(Reprinted from Volume II, MemoirČ of the Historical Society of Pennsylvania.)


                                                                                                                                                                                                     WilkesbarrŽ, December 1st, 1826.




When I saw thee last, I believe I promised to write to thee and give thee some data about the first discovery and use of the stone-coal, in our valley. (I call it stone-coal because every body knows what is meant by that name.)


The late Judge Gore, in his lifetime, informed me, that he and his brother, the late Captain Daniel Gore (both being blacksmiths), were the first that discovered and used this coal in their blacksmith's fires, and found it to answer their purpose well. This was before the Revolutionary war, and as near as I can recollect information, about the year 1770, or 1771, and it has been in use ever since, by the blacksmiths of the place.


In the year 1778, I used it in nailery, and found it to be profitable in that business. The nails made with it, would neat the weight of the rods, and frequently a balance over. But it was the opinion of those that worked it in their furnaces, that it would not do for fuel, because when a small parcel was left on their fires and not blown, it would go out. Notwithstanding this opinion prevailed, I had, for some time, entertained the idea that if a sufficient body of it was ignited it would burn. Accordingly in the month of February, 1808, 1 procured a grate, made of small iron rods, ten inches in depth and ten inches in height, and set it up in my common- room fire-place, and on first lighting it, found it to burn excellently well. This was the first successful attempt to burn our stone-coal in a grate, so far as my knowledge extends. On its being put in operation, my neighbors flocked to see the novelty; but many would not believe the fact until convinced by ocular demonstration. Such was the effect of this pleasing discovery, that in a few days there were a number of grates put in operation. This brought the stone-coal into popular notice. I need not mention the many uses to which it may be applied, as you, who are in the coal concern, have the means of knowing its value.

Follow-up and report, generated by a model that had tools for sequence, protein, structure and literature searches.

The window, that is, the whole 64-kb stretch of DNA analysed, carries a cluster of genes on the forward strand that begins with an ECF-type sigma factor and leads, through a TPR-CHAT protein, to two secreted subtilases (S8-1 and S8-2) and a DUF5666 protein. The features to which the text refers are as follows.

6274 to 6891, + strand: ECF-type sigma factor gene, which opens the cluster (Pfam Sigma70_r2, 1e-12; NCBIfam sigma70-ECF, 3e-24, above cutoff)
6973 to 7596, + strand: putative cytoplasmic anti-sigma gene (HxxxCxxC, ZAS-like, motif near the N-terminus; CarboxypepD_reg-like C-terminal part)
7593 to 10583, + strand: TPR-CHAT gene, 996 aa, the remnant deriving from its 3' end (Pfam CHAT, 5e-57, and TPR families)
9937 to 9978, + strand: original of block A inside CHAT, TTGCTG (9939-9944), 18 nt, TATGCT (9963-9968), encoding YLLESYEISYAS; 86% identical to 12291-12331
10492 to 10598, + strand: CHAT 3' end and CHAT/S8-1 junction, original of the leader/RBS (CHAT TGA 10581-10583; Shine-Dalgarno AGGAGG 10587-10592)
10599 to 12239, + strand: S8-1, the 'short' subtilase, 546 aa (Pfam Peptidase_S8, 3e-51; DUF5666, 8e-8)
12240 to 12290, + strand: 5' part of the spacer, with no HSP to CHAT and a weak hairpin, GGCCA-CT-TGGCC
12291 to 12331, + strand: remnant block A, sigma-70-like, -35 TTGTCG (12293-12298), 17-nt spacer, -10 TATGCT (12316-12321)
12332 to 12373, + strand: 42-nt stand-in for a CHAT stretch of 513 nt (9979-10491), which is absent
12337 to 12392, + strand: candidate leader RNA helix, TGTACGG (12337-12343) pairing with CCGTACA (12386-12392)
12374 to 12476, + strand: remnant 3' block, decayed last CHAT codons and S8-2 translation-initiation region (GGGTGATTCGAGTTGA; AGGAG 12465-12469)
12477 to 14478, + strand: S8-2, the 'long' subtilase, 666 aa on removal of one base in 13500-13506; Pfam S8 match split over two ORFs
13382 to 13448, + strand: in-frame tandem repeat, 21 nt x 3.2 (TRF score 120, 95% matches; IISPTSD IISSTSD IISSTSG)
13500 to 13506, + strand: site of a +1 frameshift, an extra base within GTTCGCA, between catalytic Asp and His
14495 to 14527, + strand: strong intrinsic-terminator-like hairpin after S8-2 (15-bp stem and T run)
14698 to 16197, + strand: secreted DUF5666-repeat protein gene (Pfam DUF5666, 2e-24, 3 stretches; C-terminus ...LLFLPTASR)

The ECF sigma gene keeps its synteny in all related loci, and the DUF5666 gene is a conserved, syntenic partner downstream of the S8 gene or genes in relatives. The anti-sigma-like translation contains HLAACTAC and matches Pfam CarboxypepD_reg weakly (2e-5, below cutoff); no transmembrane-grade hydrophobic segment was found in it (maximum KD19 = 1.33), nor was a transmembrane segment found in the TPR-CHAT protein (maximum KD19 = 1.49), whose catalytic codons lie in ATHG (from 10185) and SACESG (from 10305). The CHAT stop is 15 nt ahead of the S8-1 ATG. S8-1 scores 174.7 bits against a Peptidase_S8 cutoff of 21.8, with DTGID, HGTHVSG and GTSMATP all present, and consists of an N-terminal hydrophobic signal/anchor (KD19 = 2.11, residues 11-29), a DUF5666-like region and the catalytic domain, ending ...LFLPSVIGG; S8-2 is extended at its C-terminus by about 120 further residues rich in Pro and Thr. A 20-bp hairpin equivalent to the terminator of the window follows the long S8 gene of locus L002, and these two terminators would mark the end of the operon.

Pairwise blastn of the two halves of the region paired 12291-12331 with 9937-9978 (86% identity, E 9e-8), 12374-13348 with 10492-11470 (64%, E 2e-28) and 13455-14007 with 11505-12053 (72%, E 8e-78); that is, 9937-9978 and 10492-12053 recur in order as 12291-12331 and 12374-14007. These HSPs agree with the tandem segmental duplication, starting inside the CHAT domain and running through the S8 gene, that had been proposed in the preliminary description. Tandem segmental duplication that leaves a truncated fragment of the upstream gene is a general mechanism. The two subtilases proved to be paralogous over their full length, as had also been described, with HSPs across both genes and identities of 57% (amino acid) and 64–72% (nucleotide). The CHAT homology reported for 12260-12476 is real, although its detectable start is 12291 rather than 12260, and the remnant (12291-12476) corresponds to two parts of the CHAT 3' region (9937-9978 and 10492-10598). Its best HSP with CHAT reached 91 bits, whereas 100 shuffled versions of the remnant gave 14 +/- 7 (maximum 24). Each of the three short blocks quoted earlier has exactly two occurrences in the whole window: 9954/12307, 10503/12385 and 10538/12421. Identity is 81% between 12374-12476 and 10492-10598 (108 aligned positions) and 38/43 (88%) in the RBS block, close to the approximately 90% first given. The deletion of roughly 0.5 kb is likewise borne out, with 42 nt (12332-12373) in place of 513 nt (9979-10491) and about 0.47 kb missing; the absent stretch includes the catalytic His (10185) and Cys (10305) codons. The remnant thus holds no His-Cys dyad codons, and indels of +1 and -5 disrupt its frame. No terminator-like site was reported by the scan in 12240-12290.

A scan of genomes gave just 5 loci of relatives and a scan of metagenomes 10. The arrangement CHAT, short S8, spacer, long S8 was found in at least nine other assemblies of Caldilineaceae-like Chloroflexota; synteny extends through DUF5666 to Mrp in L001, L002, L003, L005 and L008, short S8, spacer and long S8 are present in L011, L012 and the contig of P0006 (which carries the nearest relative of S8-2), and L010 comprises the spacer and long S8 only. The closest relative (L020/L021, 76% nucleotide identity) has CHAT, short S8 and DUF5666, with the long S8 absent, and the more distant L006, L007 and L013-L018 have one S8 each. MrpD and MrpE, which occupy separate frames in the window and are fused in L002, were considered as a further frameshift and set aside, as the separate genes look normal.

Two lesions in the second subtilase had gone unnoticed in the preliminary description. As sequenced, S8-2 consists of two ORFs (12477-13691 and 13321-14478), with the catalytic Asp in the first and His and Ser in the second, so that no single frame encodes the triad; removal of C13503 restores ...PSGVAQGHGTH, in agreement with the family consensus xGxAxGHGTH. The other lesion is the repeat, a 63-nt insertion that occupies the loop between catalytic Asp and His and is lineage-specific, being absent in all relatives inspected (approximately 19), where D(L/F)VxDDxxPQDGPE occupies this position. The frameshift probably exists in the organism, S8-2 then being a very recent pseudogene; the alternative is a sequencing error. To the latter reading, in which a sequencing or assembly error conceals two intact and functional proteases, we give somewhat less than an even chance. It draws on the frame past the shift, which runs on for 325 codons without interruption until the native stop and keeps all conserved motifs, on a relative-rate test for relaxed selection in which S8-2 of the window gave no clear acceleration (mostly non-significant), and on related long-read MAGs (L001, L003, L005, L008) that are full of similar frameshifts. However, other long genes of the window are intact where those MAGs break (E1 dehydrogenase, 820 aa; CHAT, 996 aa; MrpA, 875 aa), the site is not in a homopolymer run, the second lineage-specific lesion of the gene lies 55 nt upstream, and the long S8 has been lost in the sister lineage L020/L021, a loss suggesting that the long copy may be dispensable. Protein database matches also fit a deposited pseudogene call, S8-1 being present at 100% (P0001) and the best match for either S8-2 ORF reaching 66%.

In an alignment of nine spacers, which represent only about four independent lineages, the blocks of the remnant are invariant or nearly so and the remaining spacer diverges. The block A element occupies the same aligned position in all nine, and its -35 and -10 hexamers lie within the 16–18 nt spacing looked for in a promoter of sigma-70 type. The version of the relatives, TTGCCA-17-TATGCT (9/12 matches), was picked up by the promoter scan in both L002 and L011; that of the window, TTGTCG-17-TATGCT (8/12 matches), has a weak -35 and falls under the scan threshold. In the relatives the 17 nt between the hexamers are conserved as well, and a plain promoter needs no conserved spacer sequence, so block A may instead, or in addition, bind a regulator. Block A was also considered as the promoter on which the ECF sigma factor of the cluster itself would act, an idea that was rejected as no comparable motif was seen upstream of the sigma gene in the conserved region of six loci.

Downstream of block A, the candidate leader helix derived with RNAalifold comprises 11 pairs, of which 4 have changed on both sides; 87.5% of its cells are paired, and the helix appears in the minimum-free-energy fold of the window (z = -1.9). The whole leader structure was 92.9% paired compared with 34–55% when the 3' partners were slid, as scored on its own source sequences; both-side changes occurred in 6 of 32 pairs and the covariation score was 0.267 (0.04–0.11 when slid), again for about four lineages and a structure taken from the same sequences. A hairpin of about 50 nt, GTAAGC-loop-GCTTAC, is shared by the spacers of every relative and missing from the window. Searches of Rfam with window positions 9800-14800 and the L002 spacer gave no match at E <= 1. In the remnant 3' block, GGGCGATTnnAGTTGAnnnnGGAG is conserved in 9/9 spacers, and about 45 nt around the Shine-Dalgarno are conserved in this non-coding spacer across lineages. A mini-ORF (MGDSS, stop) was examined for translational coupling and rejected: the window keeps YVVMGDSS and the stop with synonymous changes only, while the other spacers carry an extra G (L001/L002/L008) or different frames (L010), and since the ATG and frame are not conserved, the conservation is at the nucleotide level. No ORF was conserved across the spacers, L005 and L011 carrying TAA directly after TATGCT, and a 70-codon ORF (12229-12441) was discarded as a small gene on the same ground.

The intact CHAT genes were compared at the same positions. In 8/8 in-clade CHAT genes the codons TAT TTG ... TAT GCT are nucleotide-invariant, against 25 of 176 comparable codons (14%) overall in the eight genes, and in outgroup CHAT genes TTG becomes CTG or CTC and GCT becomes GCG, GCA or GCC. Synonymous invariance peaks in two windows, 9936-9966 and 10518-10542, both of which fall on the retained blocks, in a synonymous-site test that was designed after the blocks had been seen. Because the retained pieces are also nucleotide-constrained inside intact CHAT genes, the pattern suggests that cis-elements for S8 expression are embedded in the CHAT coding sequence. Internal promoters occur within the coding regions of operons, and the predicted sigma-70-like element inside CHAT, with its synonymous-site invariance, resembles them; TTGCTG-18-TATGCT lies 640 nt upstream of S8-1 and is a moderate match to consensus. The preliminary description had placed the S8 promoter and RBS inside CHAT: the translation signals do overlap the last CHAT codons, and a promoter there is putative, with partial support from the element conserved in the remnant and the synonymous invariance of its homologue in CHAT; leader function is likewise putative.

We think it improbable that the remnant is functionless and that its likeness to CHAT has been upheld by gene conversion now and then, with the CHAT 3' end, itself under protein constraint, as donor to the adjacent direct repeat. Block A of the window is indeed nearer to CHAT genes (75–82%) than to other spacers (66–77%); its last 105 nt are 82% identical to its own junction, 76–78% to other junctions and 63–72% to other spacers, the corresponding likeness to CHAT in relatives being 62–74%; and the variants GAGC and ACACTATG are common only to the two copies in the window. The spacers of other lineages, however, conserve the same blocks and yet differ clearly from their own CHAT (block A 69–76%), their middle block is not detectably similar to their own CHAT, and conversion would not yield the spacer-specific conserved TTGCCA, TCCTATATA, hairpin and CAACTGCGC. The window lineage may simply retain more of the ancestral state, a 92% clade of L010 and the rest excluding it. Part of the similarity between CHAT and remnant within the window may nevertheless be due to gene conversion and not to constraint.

I find we have various qualities of coal, but our best specimens are said to be superior to any yet known, and we have it in sufficient quantity to supply the world. Here it is - but the best way of getting it to market is yet to be discovered.


The market at present is down the Susquehanna River, but great improvements must be made in the river ere it can be a safe and sure conveyance. Looking forward, Wilkesbarre is but about eleven miles from Lehigh below the junction of all the creeks you pass, from the Pokono to Wilkesbarre mountain. This, I suppose, is known, and I believe the principal transport of our coal will, in time, pass that way and down the Lehigh ; but this I do not expect to live to see.

                                                                                                                                                                                                             I am, thy affectionate cousin,

Jonathan Fell.                                                                                                                                                                                                                 JESSE FELL.


Return to the Coal Home Page


About The Hopkin Thomas Project